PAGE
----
Iran’s Zarif Proceeds with High-Profile Meetings at UN
TEHRAN (Tasnim) – Working to a tight schedule on the sidelines of the 72nd regular session of the United Nations General Assembly, Iranian Foreign Minister Mohammad Javad Zarif held meetings with several foreign counterparts and top officials in New York to discuss various issues.
The senior Iranian diplomat met a number of foreign authorities, including UN officials, on Friday.
In one of the meetings, Afghan Foreign Minister Salahuddin Rabbani voiced his country’s readiness to cooperate with neighboring Iran on holding sessions to resolve disputes over water use and address the issue of Afghan refugees in Iran.
The two ministers also discussed the security conditions in Afghanistan and the region and the efforts to combat terrorist groups, including Daesh (ISIL).
In another meeting, Zarif and his Malaysian counterpart Anifah Aman discussed Tehran-Kuala Lumpur cooperation in the international organizations, the latest regional and international developments, the crises in Myanmar, Yemen and Syria, as well as the need for Muslim unity to settle the conflicts.
The Iranian minister also had separate meetings with his opposite numbers from Brazil, Papua New Guinea, Montenegro, Armenia, and Chile.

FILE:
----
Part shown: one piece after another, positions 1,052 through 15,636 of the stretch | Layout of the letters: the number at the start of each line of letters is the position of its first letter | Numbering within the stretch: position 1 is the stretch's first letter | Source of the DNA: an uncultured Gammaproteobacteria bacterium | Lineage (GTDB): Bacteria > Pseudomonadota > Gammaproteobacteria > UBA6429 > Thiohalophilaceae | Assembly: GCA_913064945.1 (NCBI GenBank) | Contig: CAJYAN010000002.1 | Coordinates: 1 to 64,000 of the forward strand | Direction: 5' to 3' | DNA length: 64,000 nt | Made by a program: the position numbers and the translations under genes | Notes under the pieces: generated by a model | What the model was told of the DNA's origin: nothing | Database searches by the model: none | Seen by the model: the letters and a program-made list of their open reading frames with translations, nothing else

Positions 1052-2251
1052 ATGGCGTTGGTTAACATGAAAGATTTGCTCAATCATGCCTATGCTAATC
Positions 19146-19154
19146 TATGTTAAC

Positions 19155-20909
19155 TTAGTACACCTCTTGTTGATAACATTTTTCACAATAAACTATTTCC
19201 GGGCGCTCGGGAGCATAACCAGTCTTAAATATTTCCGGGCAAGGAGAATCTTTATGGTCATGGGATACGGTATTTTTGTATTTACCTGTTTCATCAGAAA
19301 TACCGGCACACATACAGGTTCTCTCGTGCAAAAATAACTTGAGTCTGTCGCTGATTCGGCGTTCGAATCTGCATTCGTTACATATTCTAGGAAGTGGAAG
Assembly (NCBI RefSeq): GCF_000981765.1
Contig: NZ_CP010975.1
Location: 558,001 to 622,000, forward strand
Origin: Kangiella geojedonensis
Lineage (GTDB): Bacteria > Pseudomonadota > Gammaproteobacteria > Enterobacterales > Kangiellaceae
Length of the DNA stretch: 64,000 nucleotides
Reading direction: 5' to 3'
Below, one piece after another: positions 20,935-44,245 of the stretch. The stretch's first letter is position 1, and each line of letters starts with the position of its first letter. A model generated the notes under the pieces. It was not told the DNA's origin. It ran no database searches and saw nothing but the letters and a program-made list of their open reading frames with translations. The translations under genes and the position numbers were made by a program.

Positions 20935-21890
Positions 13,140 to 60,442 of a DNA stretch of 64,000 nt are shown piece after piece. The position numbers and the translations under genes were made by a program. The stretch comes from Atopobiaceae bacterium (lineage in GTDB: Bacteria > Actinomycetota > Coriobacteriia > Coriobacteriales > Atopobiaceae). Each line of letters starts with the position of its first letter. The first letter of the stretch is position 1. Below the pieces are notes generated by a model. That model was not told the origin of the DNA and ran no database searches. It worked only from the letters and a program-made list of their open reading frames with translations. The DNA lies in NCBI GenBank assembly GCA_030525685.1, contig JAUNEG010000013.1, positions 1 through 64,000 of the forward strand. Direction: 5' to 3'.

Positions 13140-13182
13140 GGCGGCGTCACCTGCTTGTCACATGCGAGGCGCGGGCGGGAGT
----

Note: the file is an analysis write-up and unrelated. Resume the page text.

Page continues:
In other one-on-one meetings, Zarif spoke with President of the International Committee of the Red Cross Peter Maurer, and with Fatou Bensouda, the International Criminal Court's chief prosecutor.
Moreover, the top Iranian diplomat had a meeting with the United Nations Special Envoy for Syria Staffan de Mistura, which revolved around the latest status of political talks for peace in Syria, the delivery of humanitarian aids for Syrian people, and the future of Syria in the post-terrorism era.
Syria’s warring sides have attended several rounds of peace talks in Astana, brokered by Iran, Russia and Turkey, known as the guarantors of a ceasefire in the Arab country.
The fourth round of those talks in May produced a memorandum of understanding on de-escalation zones in Syria, sharply reducing fighting in the country.
Over the past six years, Syria has been fighting foreign-sponsored militancy. De Mistura estimated in August 2016 that more than 400,000 people had been killed in the Syrian crisis until then. The UN has stopped its official casualty count in Syria, citing its inability to verify the figures it receives from various sources.